The Scallop is probably the most beautiful animal we pull from the sea. Think about it for a minute. Although undeniably tasty, the Monkfish is not winning a beauty pageant anytime soon, Squid isn’t exactly turning any heads either, and up close, Lobsters look like they’re from another planet entirely. But the Scallop is different. There’s not one bit about it that isn’t beautiful. No innards to discard (you should use that coral), no scales to scrub. Everything from its symmetrical shell right down to the texture of that meaty little hockey puck within is just perfect. Yes, there’s a lot to be said about utilising the Scallop.
But you need to be treating them right. If you’re frying them in a pan, and why wouldn’t you be, the margin for error is slim - a few seconds too long, and your delicate, tender, juicy little scallops are going to toughen up like a Glasgow bouncer.
Butter is the only way to go when you’re frying these beauties, hit with just a crack of black pepper. However, interest in world cuisine is swelling and food from all over the world is widely represented throughout the UK – not just in London – and with this comes new ways of preparing the Scallop.
Ceviche can be found in one form or another throughout South American countries, for instance, up in Mexico you’ll find a raw seafood dish prepared with lime juice known as aguachile. Whichever way you look at it, whether it’s recipes from Ecuador, Chile or Peru, raw seafood is sliced thinly, and lightly cured in the acidic juices from citrus – lemon and lime are most often used, but blood orange and grapefruit are pretty great alternatives too. Scallop lends itself remarkably well to ceviche and when you prepare them this way you don’t have to worry about overcooking them. So if you have a new line cook running the starter section, then Scallop ceviche can be a great way to break them in and escape the risk of him turning them into tough rubbery little discs.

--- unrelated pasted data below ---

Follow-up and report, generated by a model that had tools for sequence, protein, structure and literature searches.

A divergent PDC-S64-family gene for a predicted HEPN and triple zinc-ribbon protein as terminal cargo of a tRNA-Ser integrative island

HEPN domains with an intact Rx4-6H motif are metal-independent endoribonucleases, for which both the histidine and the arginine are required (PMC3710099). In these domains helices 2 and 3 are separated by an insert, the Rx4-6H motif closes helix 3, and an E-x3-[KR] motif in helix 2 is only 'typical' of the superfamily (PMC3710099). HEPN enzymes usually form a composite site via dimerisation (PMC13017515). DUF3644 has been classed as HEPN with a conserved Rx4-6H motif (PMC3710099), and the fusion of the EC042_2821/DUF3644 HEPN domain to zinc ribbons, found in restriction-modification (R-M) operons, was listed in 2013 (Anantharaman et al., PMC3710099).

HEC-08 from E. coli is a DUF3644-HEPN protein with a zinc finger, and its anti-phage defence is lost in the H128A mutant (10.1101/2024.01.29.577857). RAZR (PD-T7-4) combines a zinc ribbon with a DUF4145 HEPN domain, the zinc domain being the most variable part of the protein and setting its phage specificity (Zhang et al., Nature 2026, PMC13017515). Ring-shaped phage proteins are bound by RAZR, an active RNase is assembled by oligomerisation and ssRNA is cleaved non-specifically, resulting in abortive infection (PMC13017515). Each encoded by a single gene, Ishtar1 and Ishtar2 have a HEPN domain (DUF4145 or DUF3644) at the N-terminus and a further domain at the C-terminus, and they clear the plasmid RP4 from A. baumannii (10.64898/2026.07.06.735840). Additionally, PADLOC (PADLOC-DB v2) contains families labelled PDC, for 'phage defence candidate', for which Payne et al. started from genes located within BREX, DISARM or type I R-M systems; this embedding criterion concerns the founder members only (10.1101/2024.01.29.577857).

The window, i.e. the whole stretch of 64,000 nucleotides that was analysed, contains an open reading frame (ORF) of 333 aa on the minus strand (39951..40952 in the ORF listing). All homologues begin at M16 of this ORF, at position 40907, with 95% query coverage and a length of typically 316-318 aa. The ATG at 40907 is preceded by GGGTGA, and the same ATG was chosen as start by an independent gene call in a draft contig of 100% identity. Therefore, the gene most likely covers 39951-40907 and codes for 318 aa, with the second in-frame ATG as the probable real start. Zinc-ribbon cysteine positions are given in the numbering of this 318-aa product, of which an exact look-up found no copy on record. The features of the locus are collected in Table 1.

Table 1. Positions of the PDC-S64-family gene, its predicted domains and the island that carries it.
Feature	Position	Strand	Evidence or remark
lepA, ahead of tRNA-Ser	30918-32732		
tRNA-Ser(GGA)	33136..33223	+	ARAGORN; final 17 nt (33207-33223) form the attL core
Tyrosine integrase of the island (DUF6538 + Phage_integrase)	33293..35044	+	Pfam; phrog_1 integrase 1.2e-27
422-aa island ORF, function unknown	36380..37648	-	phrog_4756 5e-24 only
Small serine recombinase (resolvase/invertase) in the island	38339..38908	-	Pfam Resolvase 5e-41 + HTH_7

Another reason to love Scallops, is how wonderfully they pair with the pig. Take pretty much any pork based product and serve it alongside some seared Scallops and you’ll have a dish no one dare argue with. Black pudding – yes. Bacon - absolutely. Chorizo, pork terrine, grilled jowl - all of the above!
Now tread carefully with herbs when it comes to this little mollusc. Sure, he can take them. In fact, some herbs work incredibly well. Coriander might be one of the best choices, but you’d be surprised just how well a little mint works too. Get the herbs into the butter so that it imparts fragrance from the beginning of the cooking process.
Now that coral, the orange roe that comes attached to your Scallop. I’m sure none of you are going to let this flavourful sack go to waste. Collect them together to make a Scallop parfait, or try deep-frying them in a tempura batter. Failing that, simply leave on the side of your Scallop and serve as-is. Because there’s one miraculous thing about the Scallop – every last bit of it is delicious.